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Copyright ©The Author(s) 2017. Published by Baishideng Publishing Group Inc. All rights reserved.
World J Gastrointest Oncol. Jun 15, 2017; 9(6): 235-250
Published online Jun 15, 2017. doi: 10.4251/wjgo.v9.i6.235
Detecting circulating tumor material and digital pathology imaging during pancreatic cancer progression
Radim Moravec, Rao Divi, Mukesh Verma
Radim Moravec, Surveillance Research Program, Division of Cancer Control and Population Sciences, National Cancer Institute, National Institutes of Health, Rockville, MD 20850, United States
Rao Divi, Mukesh Verma, Methods and Technologies Branch, Division of Cancer Control and Population Sciences, National Cancer Institute, National Institutes of Health, Rockville, MD 20850, United States
Author contributions: Moravec R wrote the paper; Divi R and Verma M contributed equally by providing guidance and editorial review.
Supported by Division of Cancer Control and Population Sciences, National Cancer Institute, NIH, Rockville, MD 22805, United States.
Conflict-of-interest statement: The authors have no conflicts of interest to report in preparing this work including but not limited to financial, commercial, personal, political, intellectual or religious interests.
Open-Access: This article is an open-access article which was selected by an in-house editor and fully peer-reviewed by external reviewers. It is distributed in accordance with the Creative Commons Attribution Non Commercial (CC BY-NC 4.0) license, which permits others to distribute, remix, adapt, build upon this work non-commercially, and license their derivative works on different terms, provided the original work is properly cited and the use is non-commercial. See: http://creativecommons.org/licenses/by-nc/4.0/
Correspondence to: Mukesh Verma, PhD, Branch Chief, Methods and Technologies Branch, Division of Cancer Control and Population Sciences, National Cancer Institute, National Institutes of Health, 9000 Rockville Pike, Rockville, MD 20850, United States. vermam@mail.nih.gov
Telephone: +1-240-2766889 Fax: +1-240-2767921
Received: January 4, 2017
Peer-review started: January 7, 2017
First decision: February 17, 2017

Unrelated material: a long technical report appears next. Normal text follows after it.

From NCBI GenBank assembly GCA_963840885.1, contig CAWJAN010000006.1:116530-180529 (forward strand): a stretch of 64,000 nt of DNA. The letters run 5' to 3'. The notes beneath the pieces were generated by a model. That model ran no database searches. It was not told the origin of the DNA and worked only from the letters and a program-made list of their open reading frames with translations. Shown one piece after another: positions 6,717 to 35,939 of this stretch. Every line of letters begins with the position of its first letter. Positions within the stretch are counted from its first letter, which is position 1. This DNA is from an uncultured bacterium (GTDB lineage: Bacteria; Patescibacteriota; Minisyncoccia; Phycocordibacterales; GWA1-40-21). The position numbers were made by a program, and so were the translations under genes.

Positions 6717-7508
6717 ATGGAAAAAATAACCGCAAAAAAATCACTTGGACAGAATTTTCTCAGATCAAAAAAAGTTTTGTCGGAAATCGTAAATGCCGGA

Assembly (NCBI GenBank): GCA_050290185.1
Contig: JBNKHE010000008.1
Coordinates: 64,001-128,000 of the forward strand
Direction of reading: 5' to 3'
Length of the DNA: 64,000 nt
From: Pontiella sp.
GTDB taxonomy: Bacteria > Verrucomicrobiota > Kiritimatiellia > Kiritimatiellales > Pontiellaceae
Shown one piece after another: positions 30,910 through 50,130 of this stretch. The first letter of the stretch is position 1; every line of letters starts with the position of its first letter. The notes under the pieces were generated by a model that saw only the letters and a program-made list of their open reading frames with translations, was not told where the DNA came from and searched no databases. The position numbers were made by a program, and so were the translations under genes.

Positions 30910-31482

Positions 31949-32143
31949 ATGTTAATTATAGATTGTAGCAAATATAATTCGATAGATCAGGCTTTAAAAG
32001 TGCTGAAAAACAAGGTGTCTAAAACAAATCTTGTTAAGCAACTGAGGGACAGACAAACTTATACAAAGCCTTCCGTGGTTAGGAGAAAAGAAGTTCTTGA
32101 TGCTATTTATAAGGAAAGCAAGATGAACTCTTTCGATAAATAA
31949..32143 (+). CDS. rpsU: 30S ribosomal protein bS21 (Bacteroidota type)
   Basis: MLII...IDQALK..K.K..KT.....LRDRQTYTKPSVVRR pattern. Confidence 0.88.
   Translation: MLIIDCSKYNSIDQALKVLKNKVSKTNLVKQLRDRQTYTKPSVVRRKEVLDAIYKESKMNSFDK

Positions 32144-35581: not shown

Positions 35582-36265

Revised: March 4, 2017
Accepted: March 23, 2017
Article in press: March 24, 2017
Published online: June 15, 2017
Abstract

Pancreatic cancer (PC) is a leading cause of cancer-related death worldwide. Clinical symptoms typically present late when treatment options are limited and survival expectancy is very short. Metastatic mutations are heterogeneous and can accumulate up to twenty years before PC diagnosis. Given such genetic diversity, detecting and managing the complex states of disease progression may be limited to imaging modalities and markers present in circulation. Recent developments in digital pathology imaging show potential for early PC detection, making a differential diagnosis, and predicting treatment sensitivity leading to long-term survival in advanced stage patients. Despite large research efforts, the only serum marker currently approved for clinical use is CA 19-9. Utility of CA 19-9 has been shown to improve when it is used in combination with PC-specific markers. Efforts are being made to develop early-screening assays that can detect tumor-derived material, present in circulation, before metastasis takes a significant course. Detection of markers that identify circulating tumor cells and tumor-derived extracellular vesicles (EVs) in biofluid samples offers a promising non-invasive method for this purpose. Circulating tumor cells exhibit varying expression of epithelial and mesenchymal markers depending on the state of tumor differentiation. This offers a possibility for monitoring disease progression using minimally invasive procedures. EVs also offer the benefit of detecting molecular cargo of tumor origin and add the potential to detect circulating vesicle markers from tumors that lack invasive properties. This review integrates recent genetic insights of PC progression with developments in digital pathology and early detection of tumor-derived circulating material.

Keywords: Circulating tumor cells, Digital pathology, Early detection, Exosomes, Pancreatic cancer

Core tip: Pancreatic cancer (PC) is a leading cause of cancer-related death. PC mutations accumulate 20 years before patient death with metastatic mutations occurring late in the process. Metastatic risk increases dramatically when tumor diameter is greater than 1 cm. Most PC cases are diagnosed at late metastatic stages when survival is short. Outcomes could be improved if non-invasive methods could detect early stages of the disease and guide treatment decisions. Recent studies indicate this may be possible with application of digital pathology imaging, screening of CA 19-9 with additional markers, and detecting circulating tumor material in early-stage PC patients.